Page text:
It becomes our painful duty to record the details of another dreadful calamity, which occurred in the upper part of the city yesterday, and resulted in the loss of several human lives, and a number of workmen being injured to such an extent that it is feared they cannot survive. The particulars of the heartrending catastrophe are as follows:
A large five-story brick building, 50 feet front and 40 feet deep, together with two large dwelling-houses, belonging to Henry Bittner, Esq., residing in Third-avenue, between Thirty-first and Thirty-second-streets, were rapidly approaching completion...
The two front buildings are situated in Thirty-second-street, between Third and Lexington avenues, and the other was erected to the rear of them, fronting on Thirty-third-street, and designed to be occupied by the owner as a morocco dressing manufactory; upon this building the masonry work had been completed, and Mr. Weaver was engaged with his journeymen in the completion of the top story, such as topping off with the rafters. We here give an accurate description of the fatal premises. There was a deep cellar, and the first floor was primarily supported with three girders, the main one in the center being temporarily propped up with four slight joist uprights, and one heavy timber, 4x9 inches; each of the other four floors were constructed in precisely the same way, and instead of the girders being supported with props, they should have been thoroughly braced, and supported by heavy locust uprights. The building was erected on made ground, the original surface in the vicinity being a quagmire, and the very spot was well known some years ago as the "Sun-fish Pond." The structure was run up, it is said, in a very short space of thirty days, and from the appearance of the bricks, mortar, and timbers, as noticed among the heap of ruins, it was the general opinion that the building was very carelessly and slightly built...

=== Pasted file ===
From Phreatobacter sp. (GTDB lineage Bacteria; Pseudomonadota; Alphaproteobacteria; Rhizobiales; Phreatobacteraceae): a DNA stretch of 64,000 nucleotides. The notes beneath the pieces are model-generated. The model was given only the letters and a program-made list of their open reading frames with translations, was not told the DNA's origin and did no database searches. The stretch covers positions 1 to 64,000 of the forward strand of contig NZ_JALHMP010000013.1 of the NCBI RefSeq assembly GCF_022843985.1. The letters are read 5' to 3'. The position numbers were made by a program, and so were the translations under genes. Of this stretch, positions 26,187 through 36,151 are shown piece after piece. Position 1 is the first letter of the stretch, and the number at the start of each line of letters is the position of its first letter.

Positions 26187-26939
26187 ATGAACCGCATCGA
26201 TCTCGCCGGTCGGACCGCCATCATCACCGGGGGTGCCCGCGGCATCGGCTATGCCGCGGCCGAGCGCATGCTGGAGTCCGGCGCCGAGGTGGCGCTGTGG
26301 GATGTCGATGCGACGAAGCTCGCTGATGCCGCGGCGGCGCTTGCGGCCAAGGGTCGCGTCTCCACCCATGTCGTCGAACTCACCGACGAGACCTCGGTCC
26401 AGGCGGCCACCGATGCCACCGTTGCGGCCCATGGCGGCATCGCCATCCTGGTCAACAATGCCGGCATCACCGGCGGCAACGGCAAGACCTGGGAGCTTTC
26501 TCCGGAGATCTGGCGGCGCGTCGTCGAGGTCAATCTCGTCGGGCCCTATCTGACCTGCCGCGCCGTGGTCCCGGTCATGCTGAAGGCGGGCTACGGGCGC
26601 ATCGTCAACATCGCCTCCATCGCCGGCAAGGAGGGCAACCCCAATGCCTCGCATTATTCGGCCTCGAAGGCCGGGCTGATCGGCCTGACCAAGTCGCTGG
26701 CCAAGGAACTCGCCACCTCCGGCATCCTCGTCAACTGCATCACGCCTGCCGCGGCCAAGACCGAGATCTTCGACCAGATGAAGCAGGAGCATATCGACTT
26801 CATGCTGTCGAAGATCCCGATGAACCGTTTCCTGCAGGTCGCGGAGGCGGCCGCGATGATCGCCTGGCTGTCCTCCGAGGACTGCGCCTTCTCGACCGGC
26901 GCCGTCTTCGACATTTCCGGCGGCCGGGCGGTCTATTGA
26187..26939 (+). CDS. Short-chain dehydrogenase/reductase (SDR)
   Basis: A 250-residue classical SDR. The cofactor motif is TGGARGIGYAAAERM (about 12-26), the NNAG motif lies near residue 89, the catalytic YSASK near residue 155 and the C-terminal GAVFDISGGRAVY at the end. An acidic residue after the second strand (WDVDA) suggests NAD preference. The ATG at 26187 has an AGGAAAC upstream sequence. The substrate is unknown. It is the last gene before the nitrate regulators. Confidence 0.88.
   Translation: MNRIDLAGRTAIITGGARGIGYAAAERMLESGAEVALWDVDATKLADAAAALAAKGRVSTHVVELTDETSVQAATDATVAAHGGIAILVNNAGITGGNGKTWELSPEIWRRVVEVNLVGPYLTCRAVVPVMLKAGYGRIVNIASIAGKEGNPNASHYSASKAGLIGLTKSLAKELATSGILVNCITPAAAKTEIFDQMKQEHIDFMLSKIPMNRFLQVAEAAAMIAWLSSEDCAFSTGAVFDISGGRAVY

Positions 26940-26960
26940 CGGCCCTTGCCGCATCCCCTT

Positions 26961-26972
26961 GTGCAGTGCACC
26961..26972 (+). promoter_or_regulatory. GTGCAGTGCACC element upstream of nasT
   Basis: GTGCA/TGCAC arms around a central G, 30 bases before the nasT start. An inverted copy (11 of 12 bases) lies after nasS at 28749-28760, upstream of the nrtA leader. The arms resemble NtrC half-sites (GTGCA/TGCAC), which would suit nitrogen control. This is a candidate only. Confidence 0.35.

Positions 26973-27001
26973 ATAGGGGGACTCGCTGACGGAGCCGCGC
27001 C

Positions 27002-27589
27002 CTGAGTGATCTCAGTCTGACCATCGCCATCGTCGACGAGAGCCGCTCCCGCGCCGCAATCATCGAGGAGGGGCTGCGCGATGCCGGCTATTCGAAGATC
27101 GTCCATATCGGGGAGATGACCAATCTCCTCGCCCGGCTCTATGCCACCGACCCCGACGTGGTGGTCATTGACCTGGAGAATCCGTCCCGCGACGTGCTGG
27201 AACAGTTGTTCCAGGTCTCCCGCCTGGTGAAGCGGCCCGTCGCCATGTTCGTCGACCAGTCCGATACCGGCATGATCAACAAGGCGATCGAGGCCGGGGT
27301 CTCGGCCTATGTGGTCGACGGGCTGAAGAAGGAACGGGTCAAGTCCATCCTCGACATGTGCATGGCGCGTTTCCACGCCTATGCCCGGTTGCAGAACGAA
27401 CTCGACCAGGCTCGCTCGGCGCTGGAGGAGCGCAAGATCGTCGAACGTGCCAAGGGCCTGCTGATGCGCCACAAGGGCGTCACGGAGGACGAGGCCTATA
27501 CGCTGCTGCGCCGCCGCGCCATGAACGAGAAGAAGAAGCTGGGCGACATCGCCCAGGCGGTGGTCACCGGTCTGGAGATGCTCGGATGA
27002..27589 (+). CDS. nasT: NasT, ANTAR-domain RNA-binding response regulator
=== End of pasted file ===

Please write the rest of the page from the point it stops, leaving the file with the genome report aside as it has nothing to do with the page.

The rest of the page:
SAVED-- A miraculous escape from being hurled into eternity occurred as follows, in the case of the foreman of Messrs. FIELDERS, named JAMES SLAVEN: It appears be was in the basement of the building when the girder cracked, which startled him, and he instantly leaped out of the side-door, and the instant he struck his feet upon the ground the whole building was prostrated; thus Mr. SLAVEN had a providential escape.
Two other mechanics, named PATRICK SLAVEN and PATRICK CASSEY, were also saved from being crushed beneath the ruins, and in a great measure they are indebted to the foreman for their safety, as he warned them of their perilous situation, the moment he heard the girder crack, and they instantly jumped out of a window. The workmen continued their labors up to about 5 o'clock last evening, when they finished the job of removing the ruins; no other bodies were found, up to the time our Reporter left.
With regard to the real cause of the calamitous affair, the opinions of Mr. R. D. FIELDER, the mason builder, and that of JAMES SLAVEN, his foreman, conflict, as the former was inclined to believe the catastrophe originated by the girder of the lower floor giving way first, while the other person stated he was convinced the cause was, as we have given in another part of this report. The materials, and cost of erecting the demolished premises, is estimated at about $3000, which loss will fall heavily upon the contractors. Coroner IVES was notified to investigate the painful accident, and will therefore hold the inquest to-day.
New York (New York) Daily Times, December 8, 1852.